Tagged with: Events philanthropy Melanie May | 3 April 2020 | News 695 total views, 2 views today AddThis Sharing ButtonsShare to TwitterTwitterShare to FacebookFacebookShare to LinkedInLinkedInShare to EmailEmailShare to WhatsAppWhatsAppShare to MessengerMessengerShare to MoreAddThis4 GivingTuesday announces extra May date in response to Covid-19 GivingTuesday has announced an extra day of global action, #GivingTuesdayNow, in response to Covid-19.Taking place on 5 May, #GivingTuesdayNow will be a global day of giving and unity, designed to drive ‘an influx of generosity, citizen engagement, business and philanthropy activation, and support for communities and non-profits around the world’.People will be encouraged to show their generosity in a variety of ways, such as helping a neighbour, advocating for an issue, sharing a skill, or donating financially. According to GivingTuesday, the day will emphasise opportunities to give back to communities and causes in ways that comply with public health guidelines.As well as the Bill & Melinda Gates Foundation and PayPal, which are #GivingTuesdayNow Leadership Supporters, confirmed partners include original #GivingTuesday co-founder the United Nations Foundation, the CDC Foundation, Facebook, LinkedIn, Guardian News and Media, the Aga Khan Foundation, United Way Worldwide, Candid, The Communications Network, Global Impact, Philanthropy Together, Teach for All, Worldwide Initiatives for Grantmaker Support (WINGS).GivingTuesday is also committing $200,000 to launch The Starling Fund, aimed at supporting its existing network of official community and country leaders. Priority will go to leaders in the regions of greatest crisis or lowest resource in order to strengthen their #GivingTuesdayNow initiatives.Planned initiatives include corporate and foundation partners activating employees, providing technical resources, and matching funds in support of efforts against Covid-19, opportunities from GivingTuesday Kids to mobilise young people, GivingTuesday Military activating its network of military service members, families, and veterans around the world to engage with their communities, and giving platform partners committing to sharing data and collaborating on research into giving patterns, interest, and impact.The GivingTuesday Data Commons will also be in action, collaborating with online giving platforms around the world, and conducting research to provide analysis on giving trends and donor behaviour in times of crisis, as well as recommendations for the sector.Asha Curran, CEO of GivingTuesday, said:“As a global community, we can mourn this moment of extreme crisis while also finding the opportunity to support one another. We each have the power to make an impact with acts of generosity, no matter how small, and to ensure the sustainability of organisations and services that are crucial to the care and support of our communities.“#GivingTuesdayNow is a chance for us to stand united and use grassroots generosity to show that we are all in this together, beginning to end. Even as many face financial uncertainty, generosity is not about size. Every act of kindness is not only a beacon of hope, it’s a critical act of civic and social solidarity.”A landing page along with resources and ideas will be available soon. Non-profits can also sign up to learn more here and there will be a Getting Ready for GivingTuesdayNow” webinar on 9 April. Advertisement About Melanie May Melanie May is a journalist and copywriter specialising in writing both for and about the charity and marketing services sectors since 2001. She can be reached via www.thepurplepim.com. 696 total views, 3 views today AddThis Sharing ButtonsShare to TwitterTwitterShare to FacebookFacebookShare to LinkedInLinkedInShare to EmailEmailShare to WhatsAppWhatsAppShare to MessengerMessengerShare to MoreAddThis4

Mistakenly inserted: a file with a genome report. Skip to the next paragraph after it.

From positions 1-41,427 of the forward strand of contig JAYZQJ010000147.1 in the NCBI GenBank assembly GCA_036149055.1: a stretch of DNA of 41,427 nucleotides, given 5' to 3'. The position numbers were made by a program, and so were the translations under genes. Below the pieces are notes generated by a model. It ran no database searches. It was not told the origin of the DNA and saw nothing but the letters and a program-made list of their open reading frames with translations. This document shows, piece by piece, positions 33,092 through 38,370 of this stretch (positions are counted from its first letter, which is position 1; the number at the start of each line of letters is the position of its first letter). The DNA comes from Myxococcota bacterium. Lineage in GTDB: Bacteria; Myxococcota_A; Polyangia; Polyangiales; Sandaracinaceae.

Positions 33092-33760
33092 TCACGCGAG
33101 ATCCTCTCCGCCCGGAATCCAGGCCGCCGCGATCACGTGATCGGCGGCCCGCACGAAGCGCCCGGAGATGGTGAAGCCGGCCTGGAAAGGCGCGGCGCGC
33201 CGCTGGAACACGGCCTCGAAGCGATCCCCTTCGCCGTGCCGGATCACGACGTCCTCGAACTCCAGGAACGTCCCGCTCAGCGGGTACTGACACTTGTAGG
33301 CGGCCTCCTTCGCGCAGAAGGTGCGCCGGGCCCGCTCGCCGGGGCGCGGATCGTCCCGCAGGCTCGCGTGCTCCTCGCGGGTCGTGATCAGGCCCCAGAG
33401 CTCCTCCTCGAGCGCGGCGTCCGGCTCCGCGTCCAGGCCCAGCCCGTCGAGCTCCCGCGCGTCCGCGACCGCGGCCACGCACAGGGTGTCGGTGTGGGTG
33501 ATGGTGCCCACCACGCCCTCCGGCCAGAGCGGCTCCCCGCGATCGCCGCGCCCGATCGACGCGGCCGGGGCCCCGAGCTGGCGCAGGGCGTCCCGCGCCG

Vladislav WojciechowskiPhoto: BorotbaJan. 6 — Four Ukrainian anti-fascist activists detained in the Donetsk People’s Republic for two weeks were freed Jan. 3 and have now safely returned to Crimea in the Russian Federation.Meanwhile, an Odessa activist tortured and held for almost four months by the U.S.-backed Ukrainian regime was freed Dec. 26 in a prisoner exchange between Ukraine and people’s militias in the Lugansk People’s Republics.All five are members of the revolutionary Marxist organization Union Borotba (Struggle).Victor Shapinov, Maria Muratova and Maxim Firsov had been held by the Special Division of the Vostok Battalion of the people’s militia since Dec. 21. They were arrested by soldiers while on a solidarity visit to Donetsk to meet with activists and officials. Alexei Albu was detained Dec. 26 while trying to win their release. The activists have been living in exile in Simferopol, Crimea under threat of arrest for their anti-fascist activities in Ukraine.Initial reports of the arrests stoked fears that they might be handed over to the Ukrainian regime as part of a prisoner swap, endangering their lives.Their detention and subsequent expulsion from Donetsk highlights the sharpening class struggle and political contradictions in the People’s Republics of the Donbass mining region, also known as Novorossiya, which declared independence from Ukraine following a far-right coup in Kiev last year.Odessa massacre survivor freedVlad Wojciechowski survived the May 2 massacre of anti-fascist activists at the Odessa House of Trade Unions, where he suffered serious head trauma at the hands of a neo-Nazi mob. In September, he was arrested by the SBU, the Ukrainian equivalent of the FBI, on trumped up charges of “forming a terrorist organization.” He was subsequently imprisoned and tortured.Wojciechowski was finally liberated just before the New Year in an exchange of prisoners of war between Ukraine and the Donbass republics.In a statement published at Borotba.su, Wojciechowski said, “I am very angry with the fascist government of Ukraine, which proved once again with its barbaric acts that it is willing to wade through corpses to defend its interests and those of the West.“They failed to break me. And my will has become tempered steel. Now I’m even more convinced that it is impossible to save Ukraine without defeating fascism on its territory.”Ukraine’s government in Kiev, backed by U.S. and European Union imperialism and NATO, has carried out a bloody war against Donetsk and Lugansk, targeting homes, schools, hospitals, the civilian infrastructure and killing thousands.In December the U.S. Congress and President Barack Obama reaffirmed their support for Ukraine’s aggression with the so-called “Ukrainian Freedom Act.” Among its provisions are millions of dollars in additional aid to the far-right junta of oligarchs, neoliberal politicians and neo-Nazis in Kiev, along with the direct supply of weapons and war materiel.International solidarity to free antifascistsDespite the distraction of year-end holidays, the four Borotba activists detained in Donetsk drew wide international support demanding their release.Groups in solidarity with the Donbass republics and Ukraine anti-fascists issued an international appeal to Donetsk officials. It read in part:“The four activists and their organization have been steadfast leaders of the anti-fascist movement since the first days of the U.S.-NATO-backed coup in Ukraine. … These comrades have been essential to building international solidarity with Donetsk and Lugansk, as well as the anti-fascist movement inside Ukraine. They are valuable allies of your struggle against the Kiev junta and NATO expansion.“Mistakes happen in war time. It is not always easy to tell friend from foe. There is no shame in this. But there is still time to correct the mistake before it becomes a tragedy.”The appeal, initiated by the U.S.-based International Action Center, was co-signed by Colombia’s March Patriótica movement, Britain’s militant RMT Paddington No. 1 Branch of the transit workers’ union, former U.S. Congressperson Cynthia McKinney, Joe Lombardo of the United National Antiwar Coalition, and solidarity groups from Britain, France, Greece and the U.S. (The full appeal can be read at No2Nato.org.)Borotba members in Donetsk, in Simferopol and others exiled in Europe worked around-the-clock to free their comrades. Together with international solidarity activists, they appealed to influential individuals to speak out, and many responded, including Donetsk-based journalist Graham Phillips, military analyst Boris Rozhin (Colonel Cassad), Italian punk band Banda Bassotti, Russian champion athlete and communist youth Maryana Naumova, and leader of the Russian Communist Workers Party Victor Tyulkin.In a statement issued following their release, Shapinov, Muratova, Firsov and Albu noted that direct appeals for their release from high government officials, including vice chair of the Donetsk People’s Soviet Denis Pushilin and parliamentary leader Boris Litvinov, went unheeded by the Vostok Battalion leaders.“After two weeks of detention in the Special Division,” the activists report, “members of the Ministry of State Security of the Donetsk People’s Republic (DNR) came.They told us that we would be immediately taken to the Russian border and deported from the DNR. They also reported that we are forbidden to enter the territory of the DNR and the Lugansk People’s Republic.“In response to a question about the motives of deportation, Ministry officers said, ‘Now you are with us for one thing, and then we do not know what you want to do.’ Apparently, there is a view that as representatives of the communist movement, we could start an opposition to the activities of the current DNR leadership.“At the moment we do not have enough information to make an unambiguous conclusion about what is behind our arrest and expulsion from the Donetsk People’s Republic — banal excessive vigilance of intelligence agencies, political denunciation or some kind of political order. In any case, such actions with respect to sincere friends of the Donbass rebellion only harm the reputation of the People’s Republics.“Despite this unfortunate incident in which we were unwitting participants, we have not changed our attitude to the People’s Republics and the anti-fascist uprising in the Donbass. We remain bitter enemies of the Kiev regime of oligarchs and Nazis, and friends of all who oppose fascism.“However,” they continue, “some recent developments, including our arrest and deportation, give rise to legitimate concerns — whether the original spirit of the anti-fascist and anti-oligarchic revolt will continue, or will it be buried in favor of commercial and political interests of various groups operating in the republics?” (The full statement in English can be accessed at Borotba.su/newsen.html.)FacebookTwitterWhatsAppEmailPrintMoreShare thisFacebookTwitterWhatsAppEmailPrintMoreShare this